U.S. Rep. Tim Holden, the longest-serving member of Pennsylvania's congressional delegation, has lost his re-election bid in a Democratic primary race in a newly redrawn district.
Personal injury attorney Matt Cartwright spent nearly $400,000 in the race against Holden, who was elected to Congress in 1992 and was one of its conservative, so-called Blue Dog Democrats.
"Tonight is Matt Cartwright's night," Holden said in his concession speech to his supporters Tuesday night. "He has won a hard-fought election, and he deserves our support. He deserves our committment, so I ask all of you tonight, as we move toward the general election, to support Matt Cartwright."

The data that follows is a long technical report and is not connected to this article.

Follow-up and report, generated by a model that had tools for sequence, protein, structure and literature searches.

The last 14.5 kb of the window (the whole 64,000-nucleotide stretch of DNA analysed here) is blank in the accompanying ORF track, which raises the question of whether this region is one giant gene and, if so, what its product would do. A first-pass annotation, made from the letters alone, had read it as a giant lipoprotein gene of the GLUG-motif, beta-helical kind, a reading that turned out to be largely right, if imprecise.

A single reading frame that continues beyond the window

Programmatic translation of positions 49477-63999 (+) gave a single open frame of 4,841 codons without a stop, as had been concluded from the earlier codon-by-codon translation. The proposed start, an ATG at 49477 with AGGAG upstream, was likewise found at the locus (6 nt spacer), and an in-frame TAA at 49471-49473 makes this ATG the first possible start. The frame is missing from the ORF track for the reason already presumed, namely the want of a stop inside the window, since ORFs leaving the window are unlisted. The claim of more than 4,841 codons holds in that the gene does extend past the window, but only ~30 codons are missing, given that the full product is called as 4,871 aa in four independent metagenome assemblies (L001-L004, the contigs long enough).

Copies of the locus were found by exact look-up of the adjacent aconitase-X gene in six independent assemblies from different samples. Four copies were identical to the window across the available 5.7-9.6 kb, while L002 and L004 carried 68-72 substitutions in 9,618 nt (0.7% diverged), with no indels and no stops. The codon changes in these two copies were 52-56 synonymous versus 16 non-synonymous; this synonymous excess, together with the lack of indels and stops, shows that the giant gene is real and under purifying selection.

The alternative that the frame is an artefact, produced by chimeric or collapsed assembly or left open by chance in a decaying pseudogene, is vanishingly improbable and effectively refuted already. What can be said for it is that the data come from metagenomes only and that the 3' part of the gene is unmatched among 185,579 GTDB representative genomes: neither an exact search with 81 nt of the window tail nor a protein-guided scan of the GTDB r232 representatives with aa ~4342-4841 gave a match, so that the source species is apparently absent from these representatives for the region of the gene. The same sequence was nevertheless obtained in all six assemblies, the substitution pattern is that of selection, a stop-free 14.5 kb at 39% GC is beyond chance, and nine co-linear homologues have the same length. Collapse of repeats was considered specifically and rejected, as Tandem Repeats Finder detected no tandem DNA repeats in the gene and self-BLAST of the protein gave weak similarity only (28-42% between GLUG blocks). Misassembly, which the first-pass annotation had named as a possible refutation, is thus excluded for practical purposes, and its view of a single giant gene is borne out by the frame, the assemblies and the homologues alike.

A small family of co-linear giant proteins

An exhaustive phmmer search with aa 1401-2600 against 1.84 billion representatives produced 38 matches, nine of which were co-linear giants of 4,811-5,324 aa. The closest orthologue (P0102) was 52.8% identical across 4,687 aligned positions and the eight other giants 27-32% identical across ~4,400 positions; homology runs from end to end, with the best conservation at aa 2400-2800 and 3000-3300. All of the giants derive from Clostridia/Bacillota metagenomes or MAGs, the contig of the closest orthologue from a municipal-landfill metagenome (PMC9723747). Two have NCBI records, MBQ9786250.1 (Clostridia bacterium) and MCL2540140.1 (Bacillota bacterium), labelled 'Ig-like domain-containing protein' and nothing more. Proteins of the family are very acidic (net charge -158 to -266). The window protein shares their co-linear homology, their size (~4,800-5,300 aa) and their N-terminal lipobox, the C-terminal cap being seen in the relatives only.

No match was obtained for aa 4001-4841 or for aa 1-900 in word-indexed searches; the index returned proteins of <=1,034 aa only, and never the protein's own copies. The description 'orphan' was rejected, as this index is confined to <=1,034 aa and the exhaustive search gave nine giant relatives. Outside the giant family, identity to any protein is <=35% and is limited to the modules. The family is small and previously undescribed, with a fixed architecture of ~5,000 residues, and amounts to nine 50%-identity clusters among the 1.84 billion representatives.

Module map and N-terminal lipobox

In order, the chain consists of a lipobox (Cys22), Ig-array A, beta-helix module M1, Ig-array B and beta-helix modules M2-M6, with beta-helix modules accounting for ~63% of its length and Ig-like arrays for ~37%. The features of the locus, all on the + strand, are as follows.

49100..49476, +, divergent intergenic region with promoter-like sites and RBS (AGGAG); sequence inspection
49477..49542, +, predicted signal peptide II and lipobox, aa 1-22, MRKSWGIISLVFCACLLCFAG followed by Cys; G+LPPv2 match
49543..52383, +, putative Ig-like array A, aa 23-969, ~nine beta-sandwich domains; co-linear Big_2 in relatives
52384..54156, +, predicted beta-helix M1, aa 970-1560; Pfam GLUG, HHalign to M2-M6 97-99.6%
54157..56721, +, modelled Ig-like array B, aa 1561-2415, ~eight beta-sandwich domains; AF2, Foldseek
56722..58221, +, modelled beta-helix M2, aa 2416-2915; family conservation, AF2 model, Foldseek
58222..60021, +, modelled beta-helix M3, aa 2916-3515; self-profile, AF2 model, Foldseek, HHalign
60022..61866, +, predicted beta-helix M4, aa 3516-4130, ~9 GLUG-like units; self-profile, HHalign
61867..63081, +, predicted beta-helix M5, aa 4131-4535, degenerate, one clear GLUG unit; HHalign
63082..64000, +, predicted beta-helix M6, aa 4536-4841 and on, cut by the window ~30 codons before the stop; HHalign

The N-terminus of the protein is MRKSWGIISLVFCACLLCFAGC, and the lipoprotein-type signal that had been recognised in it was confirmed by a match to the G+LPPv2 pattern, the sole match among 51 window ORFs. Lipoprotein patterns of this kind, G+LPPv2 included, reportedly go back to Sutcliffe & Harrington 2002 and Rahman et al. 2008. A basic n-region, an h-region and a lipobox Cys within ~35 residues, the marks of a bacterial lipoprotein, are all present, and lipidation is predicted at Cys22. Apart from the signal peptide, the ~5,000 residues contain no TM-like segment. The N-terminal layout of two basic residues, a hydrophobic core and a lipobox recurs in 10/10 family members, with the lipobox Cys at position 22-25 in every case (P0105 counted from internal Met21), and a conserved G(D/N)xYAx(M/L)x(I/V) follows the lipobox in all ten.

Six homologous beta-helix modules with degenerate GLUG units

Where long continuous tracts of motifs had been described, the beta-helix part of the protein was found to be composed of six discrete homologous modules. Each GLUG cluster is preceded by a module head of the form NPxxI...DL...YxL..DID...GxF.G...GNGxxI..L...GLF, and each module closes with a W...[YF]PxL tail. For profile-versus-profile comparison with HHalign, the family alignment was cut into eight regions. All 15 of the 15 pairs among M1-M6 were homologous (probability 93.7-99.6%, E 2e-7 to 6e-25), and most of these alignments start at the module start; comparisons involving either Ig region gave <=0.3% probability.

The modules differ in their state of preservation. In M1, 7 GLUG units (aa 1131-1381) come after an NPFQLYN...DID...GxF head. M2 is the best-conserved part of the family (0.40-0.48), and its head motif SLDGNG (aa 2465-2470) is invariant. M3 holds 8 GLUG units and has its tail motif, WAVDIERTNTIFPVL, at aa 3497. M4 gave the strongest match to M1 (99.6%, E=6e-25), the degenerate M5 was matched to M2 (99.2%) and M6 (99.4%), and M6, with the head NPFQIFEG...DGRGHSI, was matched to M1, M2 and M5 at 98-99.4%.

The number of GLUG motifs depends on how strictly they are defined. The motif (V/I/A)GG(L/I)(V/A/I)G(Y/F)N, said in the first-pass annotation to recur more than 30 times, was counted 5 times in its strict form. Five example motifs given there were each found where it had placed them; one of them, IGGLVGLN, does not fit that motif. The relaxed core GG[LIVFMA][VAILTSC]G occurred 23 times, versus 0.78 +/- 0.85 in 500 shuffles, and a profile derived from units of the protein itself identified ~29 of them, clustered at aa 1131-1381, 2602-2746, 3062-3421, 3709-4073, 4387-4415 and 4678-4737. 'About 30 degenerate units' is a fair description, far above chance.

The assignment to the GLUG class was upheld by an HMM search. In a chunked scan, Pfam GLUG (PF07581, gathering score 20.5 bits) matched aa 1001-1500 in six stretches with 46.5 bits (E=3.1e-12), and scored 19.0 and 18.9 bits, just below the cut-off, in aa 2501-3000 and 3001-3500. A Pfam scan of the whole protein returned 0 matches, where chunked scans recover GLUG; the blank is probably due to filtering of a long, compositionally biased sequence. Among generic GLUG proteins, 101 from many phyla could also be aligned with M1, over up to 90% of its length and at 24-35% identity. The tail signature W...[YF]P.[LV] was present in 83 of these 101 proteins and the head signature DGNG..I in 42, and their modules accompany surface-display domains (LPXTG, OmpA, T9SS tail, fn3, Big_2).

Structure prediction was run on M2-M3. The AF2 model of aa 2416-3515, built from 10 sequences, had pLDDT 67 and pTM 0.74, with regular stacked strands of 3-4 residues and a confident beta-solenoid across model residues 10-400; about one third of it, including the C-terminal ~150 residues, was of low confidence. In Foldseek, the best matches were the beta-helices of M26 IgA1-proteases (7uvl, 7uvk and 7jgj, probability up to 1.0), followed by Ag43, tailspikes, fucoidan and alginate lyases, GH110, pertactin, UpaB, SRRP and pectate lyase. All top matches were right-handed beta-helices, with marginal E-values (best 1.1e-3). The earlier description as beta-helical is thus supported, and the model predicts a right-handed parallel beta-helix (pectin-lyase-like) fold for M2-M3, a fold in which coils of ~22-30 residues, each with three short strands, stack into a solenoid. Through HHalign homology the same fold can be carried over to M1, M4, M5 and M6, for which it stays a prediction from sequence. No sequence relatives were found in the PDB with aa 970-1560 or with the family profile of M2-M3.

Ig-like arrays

Holden's 17th District was redrawn for this election to include Easton and the surrounding area of Northampton County, as well as Scranton and the surrounding area of northeastern Pennsylvania.
Holden, who had represented Berks and Schuylkill counties since he was first elected 20 years ago, lost a lot of name recognition, with more than 80% of the redrawn district being new territory for him.
"It's been an honor and a privilege to serve in the United States Congress," Holden said. "I think we have accomplished a lot, and I'll never, ever, ever forget what you've done for me."
Cartwright's campaign hit Holden with allegations that he was too conservative for the district's voters, citing his vote against President Barack Obama's health care overhaul.
Cartwright will face Scranton tea party activist Laureen Cummings in the fall.
Cummings, a nurse and small business owner from Old Forge, was the only Republican on the primary ballot.